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n. pl. cy·clo·spo·ri·a·ses (ə-sēz′)
Intestinal infection with a protozoan parasite, Cyclospora cayetanensis, that is transmitted by contaminated food or water, characterized by diarrhea, nausea, fatigue, and abdominal cramps.

[New Latin Cyclospora, genus name (Greek kuklos, ring, circle (in reference to the parasite's spherical oocysts); see kwel- in Indo-European roots + Greek sporā, seed; see sper- in Indo-European roots) + -iasis.]
American Heritage® Dictionary of the English Language, Fifth Edition. Copyright © 2016 by Houghton Mifflin Harcourt Publishing Company. Published by Houghton Mifflin Harcourt Publishing Company. All rights reserved.
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However, this combination of investigative methods successfully identified a single vehicle during a community cyclosporiasis outbreak where a common menu was not available.
In our study, the main symptoms of cyclosporiasis were stomach cramps, nausea, and flatulence, without bloody diarrhea.
In case 3 (cyclosporiasis), it is stated that infections from ingestion of contaminated fruits, such as imported strawberries, have been reported.
Stool samples containing high concentrations of Cyclospora oocysts and serum specimens were collected from persons with cyclosporiasis in Haiti and the United States.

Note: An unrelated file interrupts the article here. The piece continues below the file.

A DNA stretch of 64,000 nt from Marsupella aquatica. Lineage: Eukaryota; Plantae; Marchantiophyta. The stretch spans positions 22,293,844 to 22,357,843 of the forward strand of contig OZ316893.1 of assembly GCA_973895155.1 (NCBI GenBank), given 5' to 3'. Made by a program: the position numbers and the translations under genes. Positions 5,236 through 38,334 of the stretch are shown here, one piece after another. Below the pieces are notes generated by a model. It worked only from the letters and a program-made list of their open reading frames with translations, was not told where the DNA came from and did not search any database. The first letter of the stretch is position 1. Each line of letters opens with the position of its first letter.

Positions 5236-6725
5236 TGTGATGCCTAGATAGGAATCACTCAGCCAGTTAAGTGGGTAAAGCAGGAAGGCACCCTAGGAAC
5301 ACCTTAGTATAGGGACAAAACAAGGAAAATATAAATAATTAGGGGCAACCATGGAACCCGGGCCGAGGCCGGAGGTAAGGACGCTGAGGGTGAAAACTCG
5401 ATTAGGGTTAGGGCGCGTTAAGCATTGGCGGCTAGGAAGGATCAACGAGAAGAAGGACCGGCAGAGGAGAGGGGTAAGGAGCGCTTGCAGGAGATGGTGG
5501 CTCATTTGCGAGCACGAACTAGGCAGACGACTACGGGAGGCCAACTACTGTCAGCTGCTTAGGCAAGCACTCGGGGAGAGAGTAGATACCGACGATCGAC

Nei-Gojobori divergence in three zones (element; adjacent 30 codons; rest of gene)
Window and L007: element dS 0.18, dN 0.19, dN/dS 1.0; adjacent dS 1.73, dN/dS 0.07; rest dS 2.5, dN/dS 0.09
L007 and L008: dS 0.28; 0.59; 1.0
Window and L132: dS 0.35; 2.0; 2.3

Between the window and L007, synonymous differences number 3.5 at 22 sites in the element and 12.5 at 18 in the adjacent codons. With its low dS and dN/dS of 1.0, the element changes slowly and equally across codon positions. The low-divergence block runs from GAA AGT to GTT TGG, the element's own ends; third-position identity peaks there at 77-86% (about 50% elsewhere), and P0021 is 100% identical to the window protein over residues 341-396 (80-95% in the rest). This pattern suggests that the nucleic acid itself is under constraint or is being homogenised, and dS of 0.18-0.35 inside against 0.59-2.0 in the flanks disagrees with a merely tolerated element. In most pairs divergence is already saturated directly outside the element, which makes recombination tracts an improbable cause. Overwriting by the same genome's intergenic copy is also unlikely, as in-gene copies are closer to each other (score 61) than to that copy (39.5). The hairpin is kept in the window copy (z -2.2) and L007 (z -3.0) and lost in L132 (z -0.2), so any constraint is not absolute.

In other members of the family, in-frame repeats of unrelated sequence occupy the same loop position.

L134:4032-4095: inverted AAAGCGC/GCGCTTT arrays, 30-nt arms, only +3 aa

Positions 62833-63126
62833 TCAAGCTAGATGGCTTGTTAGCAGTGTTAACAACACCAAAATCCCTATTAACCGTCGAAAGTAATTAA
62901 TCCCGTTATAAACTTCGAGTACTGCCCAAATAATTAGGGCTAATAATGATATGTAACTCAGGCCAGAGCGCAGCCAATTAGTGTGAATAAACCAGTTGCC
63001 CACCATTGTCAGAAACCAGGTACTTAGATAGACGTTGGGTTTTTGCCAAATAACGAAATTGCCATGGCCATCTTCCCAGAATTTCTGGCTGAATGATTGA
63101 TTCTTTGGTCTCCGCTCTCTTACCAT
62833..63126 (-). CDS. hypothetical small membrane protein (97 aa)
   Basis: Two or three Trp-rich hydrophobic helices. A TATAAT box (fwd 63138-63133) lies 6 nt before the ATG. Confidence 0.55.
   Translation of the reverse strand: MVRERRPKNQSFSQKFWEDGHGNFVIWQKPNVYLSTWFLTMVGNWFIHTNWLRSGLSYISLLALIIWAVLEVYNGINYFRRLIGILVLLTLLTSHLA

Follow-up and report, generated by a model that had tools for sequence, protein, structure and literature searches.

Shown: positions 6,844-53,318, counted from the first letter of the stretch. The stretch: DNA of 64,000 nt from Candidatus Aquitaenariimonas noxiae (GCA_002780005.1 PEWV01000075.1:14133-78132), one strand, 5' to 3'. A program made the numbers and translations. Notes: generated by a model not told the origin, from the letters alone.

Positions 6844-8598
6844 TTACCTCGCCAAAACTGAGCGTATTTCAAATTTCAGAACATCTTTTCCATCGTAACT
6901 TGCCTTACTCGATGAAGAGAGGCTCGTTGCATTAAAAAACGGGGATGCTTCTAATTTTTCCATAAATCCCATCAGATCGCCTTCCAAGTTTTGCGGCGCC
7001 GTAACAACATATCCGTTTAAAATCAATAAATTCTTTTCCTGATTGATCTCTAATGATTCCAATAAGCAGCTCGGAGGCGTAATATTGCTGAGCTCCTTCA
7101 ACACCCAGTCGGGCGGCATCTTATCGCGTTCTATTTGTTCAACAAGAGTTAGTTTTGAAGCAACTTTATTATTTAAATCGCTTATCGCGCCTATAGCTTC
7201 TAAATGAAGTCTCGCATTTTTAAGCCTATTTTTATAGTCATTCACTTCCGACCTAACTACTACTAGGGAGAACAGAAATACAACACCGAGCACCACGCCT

This outbreak is the first foodborne cyclosporiasis outbreak reported from central Europe.
An outbreak of cyclosporiasis occurred in attendees of a wedding reception held in Philadelphia, Pennsylvania, on June 10, 2000.
We compared the epidemiologic characteristics of cyclosporiasis and cryptosporidiosis in data from a cohort study of diarrhea in a periurban community near Lima, Peru.
We investigated the timing of diagnosis, influence of media information on testing for Cyclospora, and the method used to identify cases during eight cyclosporiasis outbreaks in California in spring of 1997.
In 1996 and 1997, cyclosporiasis outbreaks in North America were linked to eating Guatemalan raspberries.
This ongoing education is essential for practicing clinicians, who finished their formal training before AIDS, Lyme disease, ehrlichiosis, Helicobacter pylori infection, cryptosporidiosis, cyclosporiasis, and many other infections were described.
Without the use of an ocular micrometer, oocysts of Cyclospora might be easily confused with those of Cryptosporidium or other fecal artifacts that stain acid-fast positive, as was the case in a pseudo-outbreak of cyclosporiasis reported in Florida (6).